According to the World Health Organization (WHO), the world has been battling the spread of the coronavirus disease of 2019 or the COVID-19 pandemic since March 2020, with over 118,319 positive cases and 4292 deaths globally. Surabaya, the capital of East Java, has the second largest population in Indonesia with 2,874,314 people and it is the second largest city after Jakarta. It is also included as the largest metropolitan area in eastern Indonesia, which known as Gerbangkertosusila (Gresik–Bangkalan–Mojokerto–Surabaya–Sidoarjo-Lamongan). According to the Satgas of East Java, the city of Surabaya had the highest number of deaths in the province, with a total of 1382 deaths.
A regional spatiotemporal understanding of COVID-19 is critical to provide insight into how the pandemic occurred and its continued growth and decline. The virus spread can be caused by several factors, asides from the spatial variable. A study by Hassan et al, demonstrated the spatial relationships between COVID-19 cases and several variables, such as air pollution, geo-meteorological, and social parameters. The study found a significant robust relationship between those variables in cities with significant positive cases. In addition, the correlation finding suggests that long-term bad air quality may aggravate the clinical symptoms of the disease.
However, no research has been conducted on the concurrent correlation between spatial, temporal, and air pollution. Therefore, this study aims to (1) assess the spatiotemporal pattern of COVID-19 using updated daily data recorded for 26 weeks, and (2) investigate various factors, such as confirmed cases, recovered patients, suspected cases, and air pollution (CO, SO2, O3, and NO parameters) by conducting geographically weighted regression (GWR) and ordinary least squares (OLS) regression. It aims to (3) analyze the relationship between air pollution concentrations and COVID-19 cases for 26 weeks, estimated by Sentinel-5P imagery. This research focused on the Surabaya city as one of the areas with a high death rate during the delta variant period, according to a WHO report on 23 June 2021. Therefore, the result is expected to help the Surabaya government create more appropriate policies and strategies to reduce the virus spread.
The COVID-19 data obtained in Surabaya from 28 April to 26 October 2021 used the spatial CGD, Moran’s I, General-G, Gi* statistics, and the GWR models to conclude that the delta variant has a significant spatial correlation with the variables. Although Moran’s global I and G statistics were used to identify strong spatial patterns of the virus regarding the variables, this approach only considers single-layer distributions at any given time. This study was able to identify which village demonstrated a high probability of infection using Gi* hotspot and cold spot analysis. Therefore, future studies need to investigate other correlations, such as ecological, climatological, and socioeconomic variables, to effectively determine the relationship between COVID-19 hotspots, cold spots, and population density. Although the transmission is currently showing a declining trend, the epidemic situation in eastern and southern Surabaya is difficult. The spatiotemporal analysis demonstrated in this study suggests that a temporal hazard model based on weekly infection rates led to a better understanding of changes. The pollutant processing results with the number of confirmed cases of COVID-19, especially the delta variant, demonstrated a fairly strong positive correlation value of 0.577 in the third week, which was the highest. Therefore, COVID-19 is correlated with pollution levels. This study is expected to provide a useful strategy in improving the infectious disease surveillance system and control intervention in each affected area for future purposes. GIS was used to map disease incidence against several parameters, including demographics, environment, geography, and past events, to understand outbreak origins, spread patterns, and intensity, supporting the implementation of control, preventive, and surveillance measures.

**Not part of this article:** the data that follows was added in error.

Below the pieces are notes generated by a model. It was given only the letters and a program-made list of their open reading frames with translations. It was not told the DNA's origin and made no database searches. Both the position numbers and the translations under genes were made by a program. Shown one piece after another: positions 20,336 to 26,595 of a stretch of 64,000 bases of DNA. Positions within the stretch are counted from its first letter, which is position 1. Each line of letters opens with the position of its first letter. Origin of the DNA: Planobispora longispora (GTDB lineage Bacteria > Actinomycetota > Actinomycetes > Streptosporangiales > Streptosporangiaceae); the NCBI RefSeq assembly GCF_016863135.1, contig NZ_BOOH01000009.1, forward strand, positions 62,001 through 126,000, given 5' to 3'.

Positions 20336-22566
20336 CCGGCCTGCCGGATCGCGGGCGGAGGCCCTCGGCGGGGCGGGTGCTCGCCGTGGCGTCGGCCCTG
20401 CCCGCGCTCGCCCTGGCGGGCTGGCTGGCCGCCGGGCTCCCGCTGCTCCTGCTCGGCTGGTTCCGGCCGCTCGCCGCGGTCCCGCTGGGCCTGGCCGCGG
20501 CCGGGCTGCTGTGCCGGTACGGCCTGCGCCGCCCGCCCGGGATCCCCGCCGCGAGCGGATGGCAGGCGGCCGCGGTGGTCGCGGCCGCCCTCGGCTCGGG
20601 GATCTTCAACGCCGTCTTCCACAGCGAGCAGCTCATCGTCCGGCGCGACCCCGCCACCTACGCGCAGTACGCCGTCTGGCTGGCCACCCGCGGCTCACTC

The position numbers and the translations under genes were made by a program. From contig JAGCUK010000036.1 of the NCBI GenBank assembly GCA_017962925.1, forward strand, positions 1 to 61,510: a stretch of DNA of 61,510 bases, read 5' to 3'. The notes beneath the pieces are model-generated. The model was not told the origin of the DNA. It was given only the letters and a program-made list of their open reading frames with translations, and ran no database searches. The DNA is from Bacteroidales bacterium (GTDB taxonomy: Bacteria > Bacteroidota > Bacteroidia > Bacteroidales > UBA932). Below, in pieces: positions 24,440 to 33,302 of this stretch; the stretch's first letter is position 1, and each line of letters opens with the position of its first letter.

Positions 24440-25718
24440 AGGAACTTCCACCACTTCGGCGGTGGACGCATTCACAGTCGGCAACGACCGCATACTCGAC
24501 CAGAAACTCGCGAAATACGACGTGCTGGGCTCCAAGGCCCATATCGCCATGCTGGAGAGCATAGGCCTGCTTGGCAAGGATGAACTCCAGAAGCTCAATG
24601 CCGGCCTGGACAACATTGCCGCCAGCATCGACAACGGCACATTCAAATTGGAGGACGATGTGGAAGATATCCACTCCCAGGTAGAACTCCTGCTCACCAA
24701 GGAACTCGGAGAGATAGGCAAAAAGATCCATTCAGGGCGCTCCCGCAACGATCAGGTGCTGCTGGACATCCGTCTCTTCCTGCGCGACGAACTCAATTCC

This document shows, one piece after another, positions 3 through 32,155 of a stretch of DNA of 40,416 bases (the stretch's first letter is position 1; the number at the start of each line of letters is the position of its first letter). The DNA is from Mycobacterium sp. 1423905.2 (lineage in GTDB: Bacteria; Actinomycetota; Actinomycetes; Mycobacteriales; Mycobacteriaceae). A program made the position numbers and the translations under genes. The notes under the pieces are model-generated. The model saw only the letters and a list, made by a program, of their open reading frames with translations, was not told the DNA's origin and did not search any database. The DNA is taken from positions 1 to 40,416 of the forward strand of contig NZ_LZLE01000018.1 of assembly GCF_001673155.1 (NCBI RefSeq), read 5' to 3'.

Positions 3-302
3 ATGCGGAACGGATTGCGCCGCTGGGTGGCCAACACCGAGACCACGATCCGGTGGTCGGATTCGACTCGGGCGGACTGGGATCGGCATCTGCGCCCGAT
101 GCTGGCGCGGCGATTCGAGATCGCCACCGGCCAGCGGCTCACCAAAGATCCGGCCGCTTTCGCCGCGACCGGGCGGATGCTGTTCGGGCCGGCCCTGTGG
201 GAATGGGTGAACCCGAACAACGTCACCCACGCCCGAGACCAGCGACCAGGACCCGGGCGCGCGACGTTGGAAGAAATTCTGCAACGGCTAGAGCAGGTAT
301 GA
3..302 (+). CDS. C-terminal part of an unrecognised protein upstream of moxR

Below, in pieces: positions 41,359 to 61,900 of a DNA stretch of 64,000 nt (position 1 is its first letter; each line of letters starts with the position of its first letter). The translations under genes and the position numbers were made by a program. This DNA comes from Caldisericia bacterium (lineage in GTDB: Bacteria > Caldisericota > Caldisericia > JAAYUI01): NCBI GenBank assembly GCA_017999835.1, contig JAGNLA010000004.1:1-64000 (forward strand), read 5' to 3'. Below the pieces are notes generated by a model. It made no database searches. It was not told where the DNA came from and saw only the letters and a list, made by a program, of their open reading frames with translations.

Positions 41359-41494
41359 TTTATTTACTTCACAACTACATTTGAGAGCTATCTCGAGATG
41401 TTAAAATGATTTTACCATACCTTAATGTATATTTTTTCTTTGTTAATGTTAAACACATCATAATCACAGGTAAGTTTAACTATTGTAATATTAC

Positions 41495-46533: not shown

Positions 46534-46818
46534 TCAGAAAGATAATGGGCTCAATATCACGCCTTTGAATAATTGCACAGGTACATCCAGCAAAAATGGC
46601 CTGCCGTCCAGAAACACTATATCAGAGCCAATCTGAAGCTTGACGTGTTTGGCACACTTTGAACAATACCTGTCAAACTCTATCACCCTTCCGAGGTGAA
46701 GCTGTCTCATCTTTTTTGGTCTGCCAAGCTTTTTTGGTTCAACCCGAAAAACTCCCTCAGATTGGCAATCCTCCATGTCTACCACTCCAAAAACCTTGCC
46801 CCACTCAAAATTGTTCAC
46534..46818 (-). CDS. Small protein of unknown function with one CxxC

There are several caveats and inherent limitations in this study. First, Sentinel-5P has a low geographical resolution compared to village areas, demanding the usage of medium resolution satellite photography. Sentinel-5, on the other hand, has a unique mission and sensor for monitoring the troposphere on a city-scale, allowing the researcher to collect data on O3, CO, SO2, and NO2. Due to the highly dynamic nature of the disease, such as the highly contagious delta variant, it is necessary to add an analysis of the vaccination rate in each region to reduce the number of distributions and positive cases. For future studies, adding vaccination variables for each region can be added to see the rate of infection and the spread of COVID 19.
Author: Dr. Christrijogo Soemartono W, dr., SpAn., KAR., KIC
Detailed information from this research can be viewed on our article at:
Cahyadi MN, Handayani HH, Warmadewanthi IDAA, Rokhmana CA, Sulistiawan SS, Waloedjo CS, et al. Spatiotemporal Analysis for COVID-19 Delta Variant Using GIS-Based Air Parameter and Spatial Modeling. Int J Environ Res Public Health [Internet]. 2022;19(3):1–21. Available from: https://www.mdpi.com/1660-4601/19/3/1614